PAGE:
Marc Ambinder suggests that the Obama administration's review of policy in Afghanistan, slated for December, in fact will be strongly shaped by current perceptions of the conflict there. He notes that the process of agency position development and interagency coordination of paperwork is already beginning. I think he's only partly right.
As I see the policy process -- on almost any issue --within the Executive Branch, it's an ongoing contest between advocates of the status quo and advocates of change. The Afghan review has the added twist of an announced deadline, which is action-forcing. I expect that status quo advocates are preparing papers that emphasize progress being made and make all the usual "stay the course" arguments. Change advocates, however, know that this is their opportunity to make the case for whatever they feel is lacking. No doubt some military officers are saying things like, 'Drop the 2011 deadline, Give us even more time and more resources." No doubt others are saying, "Press Karzai harder," or "Go around Karzai," or whatever they have been urging in recent weeks. Somebody may even have ideas on how to "cut our losses" without suffering a "defeat."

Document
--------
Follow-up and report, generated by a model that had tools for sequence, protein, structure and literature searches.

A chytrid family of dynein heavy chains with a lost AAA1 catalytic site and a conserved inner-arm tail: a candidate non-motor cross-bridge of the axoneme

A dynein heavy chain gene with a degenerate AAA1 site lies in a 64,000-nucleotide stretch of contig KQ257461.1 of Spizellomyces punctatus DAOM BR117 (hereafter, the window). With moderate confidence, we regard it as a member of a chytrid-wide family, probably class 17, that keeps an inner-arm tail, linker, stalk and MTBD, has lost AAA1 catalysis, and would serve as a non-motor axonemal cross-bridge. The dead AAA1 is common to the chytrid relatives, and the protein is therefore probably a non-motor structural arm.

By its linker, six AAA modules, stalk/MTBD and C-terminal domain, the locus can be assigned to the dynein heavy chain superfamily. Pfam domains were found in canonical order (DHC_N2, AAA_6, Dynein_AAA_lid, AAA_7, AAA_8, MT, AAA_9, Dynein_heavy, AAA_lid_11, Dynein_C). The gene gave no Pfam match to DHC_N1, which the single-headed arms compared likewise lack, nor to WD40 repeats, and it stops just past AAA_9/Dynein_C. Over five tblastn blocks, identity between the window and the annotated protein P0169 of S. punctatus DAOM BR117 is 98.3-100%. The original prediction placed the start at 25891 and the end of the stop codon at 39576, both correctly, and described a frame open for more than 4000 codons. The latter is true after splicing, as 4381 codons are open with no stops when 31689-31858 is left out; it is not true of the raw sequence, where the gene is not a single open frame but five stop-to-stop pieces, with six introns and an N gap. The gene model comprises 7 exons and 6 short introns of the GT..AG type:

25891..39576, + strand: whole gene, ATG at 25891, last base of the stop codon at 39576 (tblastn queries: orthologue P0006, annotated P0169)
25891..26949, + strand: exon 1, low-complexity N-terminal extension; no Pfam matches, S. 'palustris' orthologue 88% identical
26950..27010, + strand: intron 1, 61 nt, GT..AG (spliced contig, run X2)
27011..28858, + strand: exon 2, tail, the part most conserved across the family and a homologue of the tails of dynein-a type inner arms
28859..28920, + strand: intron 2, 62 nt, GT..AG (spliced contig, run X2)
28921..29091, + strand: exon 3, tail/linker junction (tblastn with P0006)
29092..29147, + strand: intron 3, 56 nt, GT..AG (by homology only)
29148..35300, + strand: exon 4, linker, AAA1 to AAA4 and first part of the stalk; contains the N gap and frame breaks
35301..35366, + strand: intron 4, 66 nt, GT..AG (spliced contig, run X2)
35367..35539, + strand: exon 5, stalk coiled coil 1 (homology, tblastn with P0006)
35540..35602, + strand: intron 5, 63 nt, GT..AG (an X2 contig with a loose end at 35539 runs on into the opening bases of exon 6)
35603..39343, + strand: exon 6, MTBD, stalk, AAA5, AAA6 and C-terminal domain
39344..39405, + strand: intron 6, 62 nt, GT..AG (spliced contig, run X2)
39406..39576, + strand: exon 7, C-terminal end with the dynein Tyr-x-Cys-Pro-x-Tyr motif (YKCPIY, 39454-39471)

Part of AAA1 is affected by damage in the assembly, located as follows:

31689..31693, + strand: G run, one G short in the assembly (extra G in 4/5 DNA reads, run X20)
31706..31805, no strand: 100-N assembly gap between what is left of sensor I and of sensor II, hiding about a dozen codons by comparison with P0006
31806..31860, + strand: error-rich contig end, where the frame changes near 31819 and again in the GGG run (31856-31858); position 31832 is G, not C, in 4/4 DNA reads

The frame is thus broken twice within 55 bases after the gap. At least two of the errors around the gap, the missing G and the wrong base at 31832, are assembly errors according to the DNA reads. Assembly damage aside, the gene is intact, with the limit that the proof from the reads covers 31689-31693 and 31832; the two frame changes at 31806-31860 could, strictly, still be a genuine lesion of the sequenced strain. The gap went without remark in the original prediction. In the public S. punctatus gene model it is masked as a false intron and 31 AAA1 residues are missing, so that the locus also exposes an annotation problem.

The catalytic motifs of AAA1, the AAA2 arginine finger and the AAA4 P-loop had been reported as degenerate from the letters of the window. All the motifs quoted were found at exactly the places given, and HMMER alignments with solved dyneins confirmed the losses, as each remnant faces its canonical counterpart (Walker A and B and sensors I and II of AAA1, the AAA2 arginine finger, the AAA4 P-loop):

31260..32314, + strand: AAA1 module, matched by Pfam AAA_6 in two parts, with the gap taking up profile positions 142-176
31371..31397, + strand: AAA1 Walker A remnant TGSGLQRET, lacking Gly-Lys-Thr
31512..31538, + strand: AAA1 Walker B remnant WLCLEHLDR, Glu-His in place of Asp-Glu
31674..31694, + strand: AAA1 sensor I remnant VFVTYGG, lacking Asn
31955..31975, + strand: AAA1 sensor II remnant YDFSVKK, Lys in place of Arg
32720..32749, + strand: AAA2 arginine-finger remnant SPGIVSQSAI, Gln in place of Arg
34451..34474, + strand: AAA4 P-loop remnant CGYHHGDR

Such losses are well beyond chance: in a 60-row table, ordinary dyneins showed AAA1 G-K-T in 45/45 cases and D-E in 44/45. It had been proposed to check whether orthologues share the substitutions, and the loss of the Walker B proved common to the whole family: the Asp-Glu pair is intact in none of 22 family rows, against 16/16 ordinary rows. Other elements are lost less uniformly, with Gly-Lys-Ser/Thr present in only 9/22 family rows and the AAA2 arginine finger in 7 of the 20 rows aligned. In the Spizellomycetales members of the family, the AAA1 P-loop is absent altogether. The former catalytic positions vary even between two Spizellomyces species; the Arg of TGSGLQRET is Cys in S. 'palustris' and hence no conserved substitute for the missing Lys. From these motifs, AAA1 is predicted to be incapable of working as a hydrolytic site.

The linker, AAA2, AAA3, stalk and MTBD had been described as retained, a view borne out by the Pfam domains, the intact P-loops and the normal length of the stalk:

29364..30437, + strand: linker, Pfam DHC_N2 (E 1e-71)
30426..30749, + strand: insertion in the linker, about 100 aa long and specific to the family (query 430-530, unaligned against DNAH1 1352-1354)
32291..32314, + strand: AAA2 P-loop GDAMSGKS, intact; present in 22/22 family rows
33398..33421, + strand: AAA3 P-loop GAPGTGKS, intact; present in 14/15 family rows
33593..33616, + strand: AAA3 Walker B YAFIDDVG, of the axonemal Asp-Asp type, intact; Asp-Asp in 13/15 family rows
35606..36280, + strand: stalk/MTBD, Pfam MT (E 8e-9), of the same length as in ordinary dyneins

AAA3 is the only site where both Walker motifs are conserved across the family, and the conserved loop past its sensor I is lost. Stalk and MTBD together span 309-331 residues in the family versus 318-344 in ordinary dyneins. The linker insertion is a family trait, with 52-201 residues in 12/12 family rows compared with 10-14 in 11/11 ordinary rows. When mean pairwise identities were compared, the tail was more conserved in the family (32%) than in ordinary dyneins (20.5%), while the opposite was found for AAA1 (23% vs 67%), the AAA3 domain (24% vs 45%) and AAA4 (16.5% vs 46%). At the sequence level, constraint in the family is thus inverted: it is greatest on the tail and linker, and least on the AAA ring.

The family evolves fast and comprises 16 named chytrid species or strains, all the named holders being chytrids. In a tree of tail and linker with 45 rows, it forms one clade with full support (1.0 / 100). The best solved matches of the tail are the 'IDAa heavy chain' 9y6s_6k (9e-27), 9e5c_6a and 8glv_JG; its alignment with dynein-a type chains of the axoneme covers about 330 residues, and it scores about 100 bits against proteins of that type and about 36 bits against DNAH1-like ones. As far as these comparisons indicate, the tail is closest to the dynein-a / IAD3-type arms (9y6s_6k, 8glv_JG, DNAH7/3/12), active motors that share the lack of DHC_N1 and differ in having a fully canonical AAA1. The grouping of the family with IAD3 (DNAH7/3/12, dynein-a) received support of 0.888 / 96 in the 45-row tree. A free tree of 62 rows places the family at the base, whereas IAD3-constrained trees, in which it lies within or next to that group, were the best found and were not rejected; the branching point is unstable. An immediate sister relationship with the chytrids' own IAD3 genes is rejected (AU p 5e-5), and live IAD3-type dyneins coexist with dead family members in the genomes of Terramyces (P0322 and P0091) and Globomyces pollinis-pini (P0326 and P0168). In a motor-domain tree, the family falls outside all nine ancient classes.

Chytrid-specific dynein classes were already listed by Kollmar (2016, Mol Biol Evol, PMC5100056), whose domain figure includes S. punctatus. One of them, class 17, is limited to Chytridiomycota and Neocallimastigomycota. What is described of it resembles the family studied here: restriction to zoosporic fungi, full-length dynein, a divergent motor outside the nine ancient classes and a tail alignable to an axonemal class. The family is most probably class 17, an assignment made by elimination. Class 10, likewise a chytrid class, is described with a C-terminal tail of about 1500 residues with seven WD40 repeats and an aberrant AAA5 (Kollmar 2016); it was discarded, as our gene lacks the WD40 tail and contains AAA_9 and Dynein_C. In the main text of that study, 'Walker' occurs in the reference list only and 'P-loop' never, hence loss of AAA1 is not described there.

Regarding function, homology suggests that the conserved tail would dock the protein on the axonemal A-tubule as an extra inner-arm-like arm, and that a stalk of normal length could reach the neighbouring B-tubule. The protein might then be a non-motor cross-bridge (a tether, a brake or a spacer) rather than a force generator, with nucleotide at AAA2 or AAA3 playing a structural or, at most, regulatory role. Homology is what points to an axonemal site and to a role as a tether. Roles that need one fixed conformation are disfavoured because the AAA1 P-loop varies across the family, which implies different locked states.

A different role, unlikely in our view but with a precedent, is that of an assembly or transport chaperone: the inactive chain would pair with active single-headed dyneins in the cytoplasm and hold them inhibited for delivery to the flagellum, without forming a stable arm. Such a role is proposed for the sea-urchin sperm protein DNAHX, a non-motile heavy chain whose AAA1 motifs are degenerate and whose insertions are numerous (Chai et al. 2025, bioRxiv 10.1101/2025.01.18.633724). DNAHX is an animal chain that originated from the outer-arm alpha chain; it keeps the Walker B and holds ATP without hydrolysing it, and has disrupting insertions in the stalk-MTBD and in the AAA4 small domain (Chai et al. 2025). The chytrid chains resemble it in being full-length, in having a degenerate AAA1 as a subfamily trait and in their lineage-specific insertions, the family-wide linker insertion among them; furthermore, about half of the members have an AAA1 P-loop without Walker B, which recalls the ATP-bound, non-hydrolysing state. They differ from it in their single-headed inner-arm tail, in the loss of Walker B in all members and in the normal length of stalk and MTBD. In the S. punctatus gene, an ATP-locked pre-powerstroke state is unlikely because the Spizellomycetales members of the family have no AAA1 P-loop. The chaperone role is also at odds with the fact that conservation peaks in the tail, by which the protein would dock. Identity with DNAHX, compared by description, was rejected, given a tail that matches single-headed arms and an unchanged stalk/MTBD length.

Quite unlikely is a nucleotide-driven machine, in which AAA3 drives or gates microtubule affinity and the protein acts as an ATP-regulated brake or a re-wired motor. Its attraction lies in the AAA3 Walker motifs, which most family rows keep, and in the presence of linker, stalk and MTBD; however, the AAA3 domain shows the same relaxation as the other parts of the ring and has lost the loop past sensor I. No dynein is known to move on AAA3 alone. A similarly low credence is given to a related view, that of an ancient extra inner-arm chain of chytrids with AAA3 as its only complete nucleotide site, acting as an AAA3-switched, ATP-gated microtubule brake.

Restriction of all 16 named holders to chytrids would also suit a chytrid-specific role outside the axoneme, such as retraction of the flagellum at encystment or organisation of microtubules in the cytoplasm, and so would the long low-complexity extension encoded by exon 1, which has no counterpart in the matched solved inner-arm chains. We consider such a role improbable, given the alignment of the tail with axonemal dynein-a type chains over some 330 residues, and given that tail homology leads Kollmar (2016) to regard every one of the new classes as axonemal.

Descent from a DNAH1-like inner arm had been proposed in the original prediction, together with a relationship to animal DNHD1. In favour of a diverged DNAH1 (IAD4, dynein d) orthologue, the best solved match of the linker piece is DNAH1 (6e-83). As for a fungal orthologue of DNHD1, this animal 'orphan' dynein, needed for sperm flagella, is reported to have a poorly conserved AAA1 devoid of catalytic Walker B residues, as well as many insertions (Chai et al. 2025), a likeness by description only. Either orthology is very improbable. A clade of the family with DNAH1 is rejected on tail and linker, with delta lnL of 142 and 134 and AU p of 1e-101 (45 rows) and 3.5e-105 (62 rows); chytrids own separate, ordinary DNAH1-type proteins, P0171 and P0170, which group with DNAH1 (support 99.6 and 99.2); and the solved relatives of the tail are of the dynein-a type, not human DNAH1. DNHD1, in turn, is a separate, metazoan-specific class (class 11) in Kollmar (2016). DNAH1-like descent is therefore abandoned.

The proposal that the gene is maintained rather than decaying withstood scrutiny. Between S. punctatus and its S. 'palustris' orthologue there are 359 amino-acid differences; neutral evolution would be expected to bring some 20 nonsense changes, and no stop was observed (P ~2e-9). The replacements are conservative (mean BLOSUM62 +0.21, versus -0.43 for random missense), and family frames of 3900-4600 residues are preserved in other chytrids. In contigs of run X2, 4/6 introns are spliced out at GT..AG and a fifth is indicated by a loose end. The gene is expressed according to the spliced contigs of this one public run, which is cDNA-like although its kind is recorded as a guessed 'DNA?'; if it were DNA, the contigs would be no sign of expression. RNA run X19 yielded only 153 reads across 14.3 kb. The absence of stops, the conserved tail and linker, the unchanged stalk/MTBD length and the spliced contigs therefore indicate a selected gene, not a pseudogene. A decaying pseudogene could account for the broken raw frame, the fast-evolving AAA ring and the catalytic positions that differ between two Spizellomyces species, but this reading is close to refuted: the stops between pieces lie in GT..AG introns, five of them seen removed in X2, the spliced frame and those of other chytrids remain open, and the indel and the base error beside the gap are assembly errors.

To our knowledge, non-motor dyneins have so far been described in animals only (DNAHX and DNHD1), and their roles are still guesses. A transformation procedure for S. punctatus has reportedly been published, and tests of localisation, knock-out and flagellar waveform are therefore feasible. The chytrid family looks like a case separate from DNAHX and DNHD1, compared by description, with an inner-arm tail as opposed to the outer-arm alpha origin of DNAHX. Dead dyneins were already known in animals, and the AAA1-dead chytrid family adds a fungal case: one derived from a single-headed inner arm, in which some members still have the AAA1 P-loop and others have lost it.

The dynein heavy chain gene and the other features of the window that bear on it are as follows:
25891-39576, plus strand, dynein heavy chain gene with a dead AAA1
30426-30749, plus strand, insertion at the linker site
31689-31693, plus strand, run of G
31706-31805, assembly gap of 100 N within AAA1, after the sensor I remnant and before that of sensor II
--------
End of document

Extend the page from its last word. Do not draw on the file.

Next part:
I'm sure that the issues are quite complex, the trade-offs painful, with many goals conflicting. I just hope that, as the policymakers narrow down their options to simpler packages, they ground their choices in evidence-based possibilities and not just hope.